We have no idea today what darkness is. And certainly no sense of fear or awe under its blanket.

My wife was in Wal-Mart recently when suddenly the power went out. No outside daylight could penetrate the windowless big box store. But instantly it was filled with light. As she mused about the efficiency of the store's back-up generators she realized that was not the solution. The place was filled with i-Phones with flashlight apps, and if it weren't for the fact that the credit card machines were down, business could have carried on as normal.

We carry our own light sources with us, have our own coping mechanisms to avoid ever being in the dark. It's never dark for city-dwellers as the sky is constantly lit up; and even those in the wilderness where the stars can still be seen have their ways to banish the dark with batteries or solar power or fire. But in biblical times, the darkness was really dark, eerily dark, fearfully dark. And it was people who walked in darkness who saw a great light, those who lived, as the ESV puts it, "in a land of deep darkness" (Isaiah 9:2). The darkness in which you have no i-Phone that will enable you to help yourself. The darkness that is not filled with people with their own ultimately inadequate light sources.

Into that kind of darkness, the light shone; and when it did, even that kind of darkness could not overcome it (as we read in John 1:9). It was a literal and a figurative reality that the good news broke at night among shepherds who had no flashlights in their pockets and and no streetlights beckoning them toward Bethlehem. But perhaps our comparative lack of excitement at the good news has something to do with the fact that we don't appreciate the light because the blackness of the darkness in which we really live has been hidden from us. We can't relate to their awe-filled fear at the breaking in of the light.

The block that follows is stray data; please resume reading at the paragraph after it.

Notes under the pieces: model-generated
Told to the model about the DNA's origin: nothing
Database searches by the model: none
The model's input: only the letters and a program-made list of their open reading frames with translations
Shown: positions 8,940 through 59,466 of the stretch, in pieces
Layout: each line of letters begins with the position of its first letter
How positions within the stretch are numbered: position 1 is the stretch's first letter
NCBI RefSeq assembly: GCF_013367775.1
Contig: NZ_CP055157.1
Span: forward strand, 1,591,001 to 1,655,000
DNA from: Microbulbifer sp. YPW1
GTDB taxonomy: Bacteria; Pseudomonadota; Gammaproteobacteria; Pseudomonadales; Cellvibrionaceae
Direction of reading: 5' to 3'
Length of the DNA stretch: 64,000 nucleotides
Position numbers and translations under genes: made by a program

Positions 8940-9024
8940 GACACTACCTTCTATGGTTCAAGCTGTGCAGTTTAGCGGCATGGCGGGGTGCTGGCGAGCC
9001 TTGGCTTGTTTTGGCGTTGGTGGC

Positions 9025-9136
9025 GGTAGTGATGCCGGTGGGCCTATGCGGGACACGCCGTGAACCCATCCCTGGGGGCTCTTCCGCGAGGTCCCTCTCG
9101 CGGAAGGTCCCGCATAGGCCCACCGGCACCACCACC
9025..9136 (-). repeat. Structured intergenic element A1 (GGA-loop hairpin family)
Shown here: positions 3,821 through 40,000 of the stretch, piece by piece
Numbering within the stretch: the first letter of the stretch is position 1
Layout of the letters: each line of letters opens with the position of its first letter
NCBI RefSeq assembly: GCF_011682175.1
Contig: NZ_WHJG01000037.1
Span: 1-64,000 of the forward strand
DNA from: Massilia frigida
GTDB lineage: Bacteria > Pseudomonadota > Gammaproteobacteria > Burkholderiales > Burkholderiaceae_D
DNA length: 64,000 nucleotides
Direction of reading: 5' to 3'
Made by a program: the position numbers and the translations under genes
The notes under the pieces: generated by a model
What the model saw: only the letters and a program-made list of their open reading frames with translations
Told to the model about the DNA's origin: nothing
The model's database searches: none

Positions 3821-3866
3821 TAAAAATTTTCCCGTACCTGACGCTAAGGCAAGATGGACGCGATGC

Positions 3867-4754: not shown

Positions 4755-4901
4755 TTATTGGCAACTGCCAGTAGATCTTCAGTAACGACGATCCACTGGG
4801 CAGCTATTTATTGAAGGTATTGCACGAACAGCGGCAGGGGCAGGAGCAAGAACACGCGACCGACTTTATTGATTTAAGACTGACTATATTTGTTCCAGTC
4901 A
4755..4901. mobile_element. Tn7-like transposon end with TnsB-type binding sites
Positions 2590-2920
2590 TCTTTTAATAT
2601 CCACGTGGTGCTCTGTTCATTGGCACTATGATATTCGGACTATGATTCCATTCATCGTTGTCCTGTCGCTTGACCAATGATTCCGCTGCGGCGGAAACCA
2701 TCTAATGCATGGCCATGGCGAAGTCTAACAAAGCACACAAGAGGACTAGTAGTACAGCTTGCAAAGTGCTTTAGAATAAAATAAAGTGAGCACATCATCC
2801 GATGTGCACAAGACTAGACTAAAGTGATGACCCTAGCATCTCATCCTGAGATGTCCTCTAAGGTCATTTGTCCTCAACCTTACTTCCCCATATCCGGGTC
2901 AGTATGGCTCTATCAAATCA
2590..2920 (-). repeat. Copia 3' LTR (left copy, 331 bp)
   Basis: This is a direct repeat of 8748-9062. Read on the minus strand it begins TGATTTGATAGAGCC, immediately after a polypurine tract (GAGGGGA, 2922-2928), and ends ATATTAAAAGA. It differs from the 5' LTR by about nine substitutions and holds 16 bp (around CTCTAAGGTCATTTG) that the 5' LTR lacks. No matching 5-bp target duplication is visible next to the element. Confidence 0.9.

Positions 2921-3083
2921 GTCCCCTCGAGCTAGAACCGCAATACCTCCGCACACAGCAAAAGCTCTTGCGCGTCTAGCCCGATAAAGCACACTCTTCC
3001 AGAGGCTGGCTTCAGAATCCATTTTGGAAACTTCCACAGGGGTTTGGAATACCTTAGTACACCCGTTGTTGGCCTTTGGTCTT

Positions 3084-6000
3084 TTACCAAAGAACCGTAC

But the metaphors of light and darkness that filled the scriptures made it inevitable that it would all happen "upon a midnight clear". Life, according to the Old Testament creation pattern, moves from evening to morning and back to evening. Darkness precedes light, as is clear in Genesis 1:2; and this becomes man's experience as he learns that his daily routines begin in the darkness of the evening. It was only in the church that it became clear that in the new creation, our routines and life-cycles start in the dawning of the new day light. The resurrection truly turned the world upside-down, changed forever the times and seasons of our life on earth until the day comes when all will be light forever. Easter morning changed everything.

But Christmas Eve prefigured that. The light broke into the darkness where it had never been seen, and the darkness could do nothing to stop it. The darkness had one final fling in the attempt to push back the light - staking a claim to the noon hour when Christ suffered on the cross. But the Christmas story had already demonstrated the futility of that.The darkness cannot overcome the light, and sure enough, the "Sun of righteousness" rises with healing in his wings (Malachi 4:2).

Dietrich Bonhoeffer expressed it this way (in Life Together, p.40):
The Old Testament day begins at evening and ends with the going down of the sun. It is the time of expectation.The day of the New Testament church begins with the break of day and ends with the dawning light of the next morning. It is the time of fulfillment.

So, "Arise, shine, for your light has come and the glory of the Lord has risen upon you" (Is 60:1). And as Isaiah goes on to say, this light is even strong enough to banish the "thick darkness" that covers the peoples (v.2). The nations will flock to it like moths to a candle (v.3) - just as the wise men from the East were coming hot on the tails of the local lads from the fields just outside Bethlehem. There's no going back now. The light has come.

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